• Prof. Richard Epstein, Laurence A. Tisch Professor of Law, New York University School of Law
  • Prof. Irina Manta, Professor of Law and Director of the Center for Intellectual Property Law, Maurice A. Deane School of Law at Hofstra University
  • Mr. Jameel Jaffer, Director of the Knight First Amendment Institute at Columbia University
  • Prof. Steve Coll, Dean & Henry R. Luce Professor of Journalism, Columbia Journalism School; Staff Writer, The New Yorker
  • Moderator: Hon. Reena Raggi, Circuit Judge, US Court of Appeals for the Second Circuit
  • Opening: Dean Gillian Lester, Dean and Lucy G. Moses Professor of Law, Columbia Law School

Columbia Law School
New York, New York

Medical Marijuana & the Second Amendment

Short video featuring Joseph Greenlee
Joseph Greenlee March 10, 2017

Should medical marijuana use limit Second Amendment rights? Joseph Greenlee, Second Amendment attorney, explains the contradiction in state and federal law when it comes to medical marijuana use and gun rights.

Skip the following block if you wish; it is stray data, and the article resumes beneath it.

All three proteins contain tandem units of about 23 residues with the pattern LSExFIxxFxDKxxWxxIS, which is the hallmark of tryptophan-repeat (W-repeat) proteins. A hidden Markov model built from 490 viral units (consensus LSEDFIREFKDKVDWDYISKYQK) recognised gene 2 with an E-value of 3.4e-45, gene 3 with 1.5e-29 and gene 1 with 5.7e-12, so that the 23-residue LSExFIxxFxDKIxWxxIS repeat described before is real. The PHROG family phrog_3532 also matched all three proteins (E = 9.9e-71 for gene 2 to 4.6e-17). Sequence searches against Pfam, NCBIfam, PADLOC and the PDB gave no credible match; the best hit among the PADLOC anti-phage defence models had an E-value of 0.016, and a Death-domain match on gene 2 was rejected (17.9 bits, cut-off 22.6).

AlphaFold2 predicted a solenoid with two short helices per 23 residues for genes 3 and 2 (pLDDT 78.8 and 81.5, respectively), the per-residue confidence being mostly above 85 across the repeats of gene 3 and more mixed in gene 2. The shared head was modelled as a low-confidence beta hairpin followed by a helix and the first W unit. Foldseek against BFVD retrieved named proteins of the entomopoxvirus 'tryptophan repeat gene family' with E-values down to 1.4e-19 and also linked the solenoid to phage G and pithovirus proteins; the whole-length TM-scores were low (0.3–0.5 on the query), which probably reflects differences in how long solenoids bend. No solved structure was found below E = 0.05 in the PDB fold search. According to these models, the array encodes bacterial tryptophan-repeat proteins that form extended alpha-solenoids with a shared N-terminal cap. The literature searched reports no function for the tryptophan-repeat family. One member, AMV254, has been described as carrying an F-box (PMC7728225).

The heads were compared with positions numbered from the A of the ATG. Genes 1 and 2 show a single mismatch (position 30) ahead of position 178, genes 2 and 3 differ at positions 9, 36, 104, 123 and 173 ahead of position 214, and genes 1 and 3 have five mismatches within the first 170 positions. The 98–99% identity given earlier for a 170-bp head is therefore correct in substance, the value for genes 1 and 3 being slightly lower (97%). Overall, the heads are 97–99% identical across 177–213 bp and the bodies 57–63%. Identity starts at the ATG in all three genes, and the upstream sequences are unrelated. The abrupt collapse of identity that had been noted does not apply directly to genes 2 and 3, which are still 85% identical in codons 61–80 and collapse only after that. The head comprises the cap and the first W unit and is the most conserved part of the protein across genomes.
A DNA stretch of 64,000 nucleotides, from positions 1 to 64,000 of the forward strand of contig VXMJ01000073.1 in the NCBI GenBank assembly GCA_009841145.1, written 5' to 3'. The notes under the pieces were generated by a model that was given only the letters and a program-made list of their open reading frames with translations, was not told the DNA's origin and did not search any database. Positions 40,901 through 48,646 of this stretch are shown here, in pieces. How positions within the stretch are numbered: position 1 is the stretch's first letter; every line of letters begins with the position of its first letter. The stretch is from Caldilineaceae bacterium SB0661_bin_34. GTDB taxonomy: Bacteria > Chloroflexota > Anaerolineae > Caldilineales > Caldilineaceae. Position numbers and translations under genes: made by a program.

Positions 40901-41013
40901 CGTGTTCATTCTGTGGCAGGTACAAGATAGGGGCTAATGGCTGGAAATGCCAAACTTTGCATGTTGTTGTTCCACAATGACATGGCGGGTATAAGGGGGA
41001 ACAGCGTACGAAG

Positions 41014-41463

Hardie v. NCAA: Can the NCAA Bar Convicted Felons from Coaching in NCAA-Certified Recruiting Tournaments? - Podcast

Civil Rights Practice Group Podcast
Joshua P. Thompson, Roger B. Clegg March 07, 2017

Hardie v. NCAA is a recently argued case from the Ninth Circuit. It involves a NCAA ban on all convicted felons from coaching in NCAA-certified tournaments held for recruiting student-athletes to NCAA Division I schools. The key question is whether this policy has a “disparate impact” (disproportional statistical effect, but without any racially discriminatory intent) on African Americans -- and whether Title II of the 1964 Civil Rights Act, which precludes “discrimination or segregation on the ground of race, color, religion, or national origin” in “places of public accommodation,” bans such disproportionate results. The district court ruled that Title II did not cover disparate impact, but, in a surprising move, the NCAA abandoned that winning argument on appeal.

Pacific Legal Foundation Senior Attorney Joshua Thompson discussed the parties’ arguments and explained why PLF as amicus was the only party to support the lower court’s judgment. Roger Clegg, President and General Counsel of the Center for Equal Opportunity, will also join us to moderate the call.

Featuring:

  • Mr. Joshua P. Thompson, Senior Attorney, Pacific Legal Foundation
  • Moderator: Mr. Roger Clegg, President & General Counsel, Center for Equal Opportunity